Tuesday, February 8, 2011

RSS Feeds = EZ Reading

By riekhavoc (license)
About a year ago, I made a commitment to myself to spend more time on professional reading. At first, this seemed like a daunting idea. Sure, I had stacks of unread journals and books in the office, but reading them every day was out—I have to close the office door and set aside chunks of time that I don’t always have in order to really focus on that kind of material. But the more I thought about it, the more I realized that internet reading was the way to go—I could go online to get short articles to peruse between advising appointments, maybe grab the odd podcast between meetings. But where would I find these things, and how could I figure out how to spend less time searching the internet, wading through junk to find the things I really wanted to read so I could spend more time actually reading? How could I avoid subscribing by email to lots of websites without bogging down my inbox? RSS!

RSS (really simple syndication) is a feature built into many websites. Basically, RSS feeds are like the ticker across the bottom of your favorite news program, pushing little notes out whenever the website is updated. As long as you can catch those notes somehow, you can know when a site has something new on it without having to actually go to every site you want to monitor. Now, I’m notorious for bookmarking websites I want to monitor and either promptly forgetting about them or checking them obsessively even when there’s nothing new to see, so I knew I’d need some help with this.

That’s where feed readers came in. RSS feed readers monitor websites for updates. There are plenty of options out there (feedly, FeedDemon, there’s even an RSS option in Outlook), but I chose to start with Google Reader (Google Reader in Plain English) because, honestly, I was already using Gmail and GoogleDocs (more on that in a couple weeks), and I liked the familiarity of it. And since it’s the one I’m still the most comfortable with, and probably the most popular RSS feed reader, it’s the one we’re going to practice with today. Ready?

Create your Google account
Step 1:
Go to www.google.com/reader
Step 2: Login if you already have a Google account. If not, go ahead and create one-it’s easy and you’ll have other opportunities to use your new Google account during upcoming Tuesday Tech Talks. Google accounts are used to access Google services. You can create your Google account using any email address, but it’s usually a good idea to use a Gmail account if you have one. Don’t worry-creating this Google account won’t give you another email address!

Set up your Google Reader account
Once you have your account set up, it’s time to start adding the websites you want to monitor to your feed. There are two ways to do this. Let’s start with the easy way, which works for any webpage that has the RSS symbol on it (You know that orange square with the three little lines that you’ve wondered about? That’s the one!)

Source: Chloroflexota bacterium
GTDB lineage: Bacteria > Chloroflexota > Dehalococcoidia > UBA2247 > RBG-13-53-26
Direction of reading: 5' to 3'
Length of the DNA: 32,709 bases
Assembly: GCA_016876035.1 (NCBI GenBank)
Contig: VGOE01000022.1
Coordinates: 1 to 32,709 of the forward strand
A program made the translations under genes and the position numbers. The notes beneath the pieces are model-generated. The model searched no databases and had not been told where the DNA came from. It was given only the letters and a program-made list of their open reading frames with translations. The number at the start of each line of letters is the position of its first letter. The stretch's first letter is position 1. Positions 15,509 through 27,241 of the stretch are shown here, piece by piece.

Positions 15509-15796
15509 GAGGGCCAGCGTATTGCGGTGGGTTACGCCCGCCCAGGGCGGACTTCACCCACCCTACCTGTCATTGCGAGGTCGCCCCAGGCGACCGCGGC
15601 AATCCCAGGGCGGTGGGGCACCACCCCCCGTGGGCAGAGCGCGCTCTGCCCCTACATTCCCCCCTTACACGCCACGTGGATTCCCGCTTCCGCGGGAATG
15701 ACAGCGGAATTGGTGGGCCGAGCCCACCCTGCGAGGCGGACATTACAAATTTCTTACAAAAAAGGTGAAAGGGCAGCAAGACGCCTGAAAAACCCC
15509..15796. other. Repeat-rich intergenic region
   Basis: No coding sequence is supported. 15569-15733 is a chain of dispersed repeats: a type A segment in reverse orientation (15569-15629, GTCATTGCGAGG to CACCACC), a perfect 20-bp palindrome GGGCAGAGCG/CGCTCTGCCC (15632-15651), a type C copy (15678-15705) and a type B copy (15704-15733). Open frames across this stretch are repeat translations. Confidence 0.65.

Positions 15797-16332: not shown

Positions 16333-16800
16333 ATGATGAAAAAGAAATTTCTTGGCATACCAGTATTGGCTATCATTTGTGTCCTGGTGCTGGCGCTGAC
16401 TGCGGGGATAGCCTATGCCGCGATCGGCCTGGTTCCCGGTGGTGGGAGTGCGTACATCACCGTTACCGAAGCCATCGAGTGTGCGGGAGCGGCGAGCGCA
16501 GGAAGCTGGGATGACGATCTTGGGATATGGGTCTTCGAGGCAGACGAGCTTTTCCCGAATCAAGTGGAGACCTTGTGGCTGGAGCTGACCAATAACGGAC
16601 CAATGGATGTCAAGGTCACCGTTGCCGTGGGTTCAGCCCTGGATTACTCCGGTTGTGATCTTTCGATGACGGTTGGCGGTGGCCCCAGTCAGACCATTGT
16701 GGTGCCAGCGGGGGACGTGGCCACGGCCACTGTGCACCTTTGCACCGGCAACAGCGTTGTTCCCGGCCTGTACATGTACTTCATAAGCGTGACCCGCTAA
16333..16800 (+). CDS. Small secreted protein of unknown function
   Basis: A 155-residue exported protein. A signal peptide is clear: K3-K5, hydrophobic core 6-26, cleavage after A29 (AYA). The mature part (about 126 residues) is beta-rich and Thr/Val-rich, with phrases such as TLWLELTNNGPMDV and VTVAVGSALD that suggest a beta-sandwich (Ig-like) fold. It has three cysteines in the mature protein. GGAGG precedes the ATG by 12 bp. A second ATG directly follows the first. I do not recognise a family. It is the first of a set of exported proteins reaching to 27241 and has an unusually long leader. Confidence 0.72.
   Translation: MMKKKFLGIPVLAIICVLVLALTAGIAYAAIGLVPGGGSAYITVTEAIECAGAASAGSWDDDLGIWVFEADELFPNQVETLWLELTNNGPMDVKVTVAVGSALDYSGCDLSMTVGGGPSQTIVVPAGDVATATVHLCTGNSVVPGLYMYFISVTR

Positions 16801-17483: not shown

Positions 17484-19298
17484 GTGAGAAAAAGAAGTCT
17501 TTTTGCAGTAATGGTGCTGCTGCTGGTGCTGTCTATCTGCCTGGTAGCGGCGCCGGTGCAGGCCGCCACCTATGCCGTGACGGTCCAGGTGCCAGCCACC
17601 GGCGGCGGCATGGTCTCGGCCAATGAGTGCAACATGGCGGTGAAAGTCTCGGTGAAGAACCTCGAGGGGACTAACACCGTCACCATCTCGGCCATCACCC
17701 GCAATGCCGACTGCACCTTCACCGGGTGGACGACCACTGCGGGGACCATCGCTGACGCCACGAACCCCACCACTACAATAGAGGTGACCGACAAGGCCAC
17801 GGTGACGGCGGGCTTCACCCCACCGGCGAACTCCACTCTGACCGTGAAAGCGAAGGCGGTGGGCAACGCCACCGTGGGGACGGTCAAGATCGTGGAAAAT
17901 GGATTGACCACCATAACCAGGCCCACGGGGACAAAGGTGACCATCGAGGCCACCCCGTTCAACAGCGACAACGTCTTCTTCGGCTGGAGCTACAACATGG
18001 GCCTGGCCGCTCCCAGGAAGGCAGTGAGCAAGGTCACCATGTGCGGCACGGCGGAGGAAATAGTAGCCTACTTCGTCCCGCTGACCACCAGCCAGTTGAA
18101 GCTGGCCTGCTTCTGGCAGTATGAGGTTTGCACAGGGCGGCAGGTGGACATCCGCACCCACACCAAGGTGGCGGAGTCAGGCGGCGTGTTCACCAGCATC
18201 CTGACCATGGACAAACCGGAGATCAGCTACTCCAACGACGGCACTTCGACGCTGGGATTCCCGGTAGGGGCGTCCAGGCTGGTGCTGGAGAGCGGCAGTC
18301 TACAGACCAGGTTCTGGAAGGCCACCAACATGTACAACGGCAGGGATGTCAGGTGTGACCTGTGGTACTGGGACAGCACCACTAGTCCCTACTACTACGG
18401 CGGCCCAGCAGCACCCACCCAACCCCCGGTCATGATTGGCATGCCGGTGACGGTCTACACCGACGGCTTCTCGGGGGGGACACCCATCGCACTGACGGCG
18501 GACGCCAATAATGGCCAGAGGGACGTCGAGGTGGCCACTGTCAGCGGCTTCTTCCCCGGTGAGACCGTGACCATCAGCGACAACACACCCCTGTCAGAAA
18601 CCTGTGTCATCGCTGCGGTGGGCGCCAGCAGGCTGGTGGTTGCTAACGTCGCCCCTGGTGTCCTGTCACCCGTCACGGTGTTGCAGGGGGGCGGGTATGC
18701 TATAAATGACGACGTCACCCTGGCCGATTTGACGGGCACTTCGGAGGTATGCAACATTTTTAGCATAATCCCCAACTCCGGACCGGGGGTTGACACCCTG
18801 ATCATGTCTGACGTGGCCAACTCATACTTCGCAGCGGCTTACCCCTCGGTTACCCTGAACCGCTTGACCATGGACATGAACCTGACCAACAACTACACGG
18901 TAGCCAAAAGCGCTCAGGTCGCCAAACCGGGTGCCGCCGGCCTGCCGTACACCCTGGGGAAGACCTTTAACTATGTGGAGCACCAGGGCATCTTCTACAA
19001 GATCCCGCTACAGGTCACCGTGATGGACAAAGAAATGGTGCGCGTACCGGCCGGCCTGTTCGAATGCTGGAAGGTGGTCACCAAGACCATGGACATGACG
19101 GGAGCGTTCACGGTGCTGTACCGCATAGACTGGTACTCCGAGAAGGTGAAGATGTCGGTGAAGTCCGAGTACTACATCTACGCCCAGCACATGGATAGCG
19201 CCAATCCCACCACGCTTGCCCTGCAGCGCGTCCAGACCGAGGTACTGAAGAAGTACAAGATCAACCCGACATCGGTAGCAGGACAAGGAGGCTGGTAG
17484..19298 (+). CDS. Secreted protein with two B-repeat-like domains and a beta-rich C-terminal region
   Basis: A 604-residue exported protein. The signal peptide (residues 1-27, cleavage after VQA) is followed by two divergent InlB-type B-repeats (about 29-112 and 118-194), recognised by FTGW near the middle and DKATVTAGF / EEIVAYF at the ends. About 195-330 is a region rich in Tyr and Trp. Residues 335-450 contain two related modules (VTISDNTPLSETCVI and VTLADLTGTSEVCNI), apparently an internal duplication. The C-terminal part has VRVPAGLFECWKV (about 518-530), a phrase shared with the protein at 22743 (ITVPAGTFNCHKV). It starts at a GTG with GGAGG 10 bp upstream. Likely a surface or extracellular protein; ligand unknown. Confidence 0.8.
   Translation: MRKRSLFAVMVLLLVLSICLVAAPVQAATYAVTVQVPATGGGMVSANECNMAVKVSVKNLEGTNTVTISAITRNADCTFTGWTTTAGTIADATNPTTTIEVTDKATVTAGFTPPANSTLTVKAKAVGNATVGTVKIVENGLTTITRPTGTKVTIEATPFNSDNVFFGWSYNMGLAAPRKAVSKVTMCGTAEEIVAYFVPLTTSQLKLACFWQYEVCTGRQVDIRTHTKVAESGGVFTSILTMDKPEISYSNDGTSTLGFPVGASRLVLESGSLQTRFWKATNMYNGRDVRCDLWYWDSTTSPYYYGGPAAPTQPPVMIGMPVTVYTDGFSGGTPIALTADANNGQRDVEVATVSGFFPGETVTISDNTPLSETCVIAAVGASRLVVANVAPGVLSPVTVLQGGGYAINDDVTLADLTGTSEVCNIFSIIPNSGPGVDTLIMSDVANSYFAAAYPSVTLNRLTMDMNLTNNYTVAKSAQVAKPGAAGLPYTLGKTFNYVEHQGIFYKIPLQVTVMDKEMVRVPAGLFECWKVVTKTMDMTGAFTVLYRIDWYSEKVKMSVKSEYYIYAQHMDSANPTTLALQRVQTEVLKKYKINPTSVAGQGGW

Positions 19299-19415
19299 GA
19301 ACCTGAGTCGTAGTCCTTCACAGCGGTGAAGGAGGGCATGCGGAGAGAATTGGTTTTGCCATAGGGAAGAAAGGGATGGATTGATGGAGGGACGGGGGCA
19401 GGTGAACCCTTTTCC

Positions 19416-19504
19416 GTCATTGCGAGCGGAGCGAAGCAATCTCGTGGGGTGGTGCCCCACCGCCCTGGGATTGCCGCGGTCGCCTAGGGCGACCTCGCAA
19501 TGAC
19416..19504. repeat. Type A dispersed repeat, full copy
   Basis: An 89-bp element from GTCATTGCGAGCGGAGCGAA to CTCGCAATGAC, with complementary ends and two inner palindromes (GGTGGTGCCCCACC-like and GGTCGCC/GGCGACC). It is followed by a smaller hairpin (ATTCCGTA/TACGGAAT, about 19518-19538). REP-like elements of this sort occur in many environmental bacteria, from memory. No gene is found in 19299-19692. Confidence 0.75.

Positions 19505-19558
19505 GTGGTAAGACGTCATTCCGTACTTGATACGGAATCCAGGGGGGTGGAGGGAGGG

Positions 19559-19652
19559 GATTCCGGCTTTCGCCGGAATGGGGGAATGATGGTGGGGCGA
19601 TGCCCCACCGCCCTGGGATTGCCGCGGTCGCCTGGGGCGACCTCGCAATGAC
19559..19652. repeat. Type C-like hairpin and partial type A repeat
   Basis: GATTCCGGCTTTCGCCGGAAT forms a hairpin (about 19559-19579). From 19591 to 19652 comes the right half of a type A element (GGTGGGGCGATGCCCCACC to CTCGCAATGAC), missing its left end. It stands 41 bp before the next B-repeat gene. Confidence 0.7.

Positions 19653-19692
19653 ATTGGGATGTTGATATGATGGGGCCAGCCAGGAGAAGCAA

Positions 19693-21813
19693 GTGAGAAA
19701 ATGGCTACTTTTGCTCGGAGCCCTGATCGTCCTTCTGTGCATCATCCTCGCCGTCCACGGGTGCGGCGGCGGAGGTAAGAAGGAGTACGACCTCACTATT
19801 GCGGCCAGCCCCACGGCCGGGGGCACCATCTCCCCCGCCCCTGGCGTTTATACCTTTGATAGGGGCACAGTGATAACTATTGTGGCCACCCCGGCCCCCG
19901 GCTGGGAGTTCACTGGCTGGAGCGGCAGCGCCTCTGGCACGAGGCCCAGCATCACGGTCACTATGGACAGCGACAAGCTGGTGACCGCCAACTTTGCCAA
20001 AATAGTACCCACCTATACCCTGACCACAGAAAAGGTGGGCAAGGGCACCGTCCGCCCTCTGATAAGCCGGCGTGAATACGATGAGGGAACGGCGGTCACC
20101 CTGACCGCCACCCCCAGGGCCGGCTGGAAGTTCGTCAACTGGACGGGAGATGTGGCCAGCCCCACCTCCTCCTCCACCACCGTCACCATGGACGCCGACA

Step 1. Open the NACADA Region 2 blog in a new window.
Step 2: Click on the little arrow next to “Posts” under RSS on the left side menu.
Step 3: Select “Add to Google”.
Step 4: Choose “Add to Google Reader”, log in, and presto! You’re following this blog, and anytime you log into Google Reader, you’ll be able to see if the blog has been updated. Anything in bold is something new for you to read.

Now, that was the easy way. Sometimes, however, website designers aren’t very good about putting the RSS symbol in a place that’s easy to find. Luckily, you can also subscribe to follow a webpage directly from Google Reader. Here’s how:
Step 1: Head back over to your Google Reader page (log back in if you need to) and click the “Add a subscription” button in the top left corner.
Step 2: Type inside higher ed in the search box and click “Add”. Now Google will search for any RSS feed that uses those keywords.
Step 3: Click the “Subscribe” button under Home-Inside Higher Ed et voila! You’re now subscribed to Inside Higher Ed.

Now Google Reader will check both the NACADA Region 2 blog and Inside Higher Ed for you, 24-hours a day. This means you just have to go to one page, instead of 2, whenever you want to see what’s new with either page. Add more sites and Google Reader will be even more of a bargain. I log in about once a day, scroll through the feeds from 13 sites, pick a couple posts to check out and maybe read fully, and I have guaranteed professional reading that fits into even the busiest day! I deleted those 13 sites from my browser bookmark list and no longer grumble about missing an article posted online because I checked the site too early or too late in the day.


  1. RSS is definitely a useful tool for academic advisors to check out & start using if they are not already. Great choice!

    It sounds very similar to a blog post by Eric Stoller back in Spring of 2010 "Student Affairs + Jobs + RSS + Email" http://ericstoller.com/blog/2010/05/23/student-affairs-jobs-rss-email/
    Don't forget to cross-tag him if you're borrowing some ideas - I'm sure he wouldn't mind. :)

  2. Thanks techknowtools-I haven't read Eric's post, but I'll definitely check it out!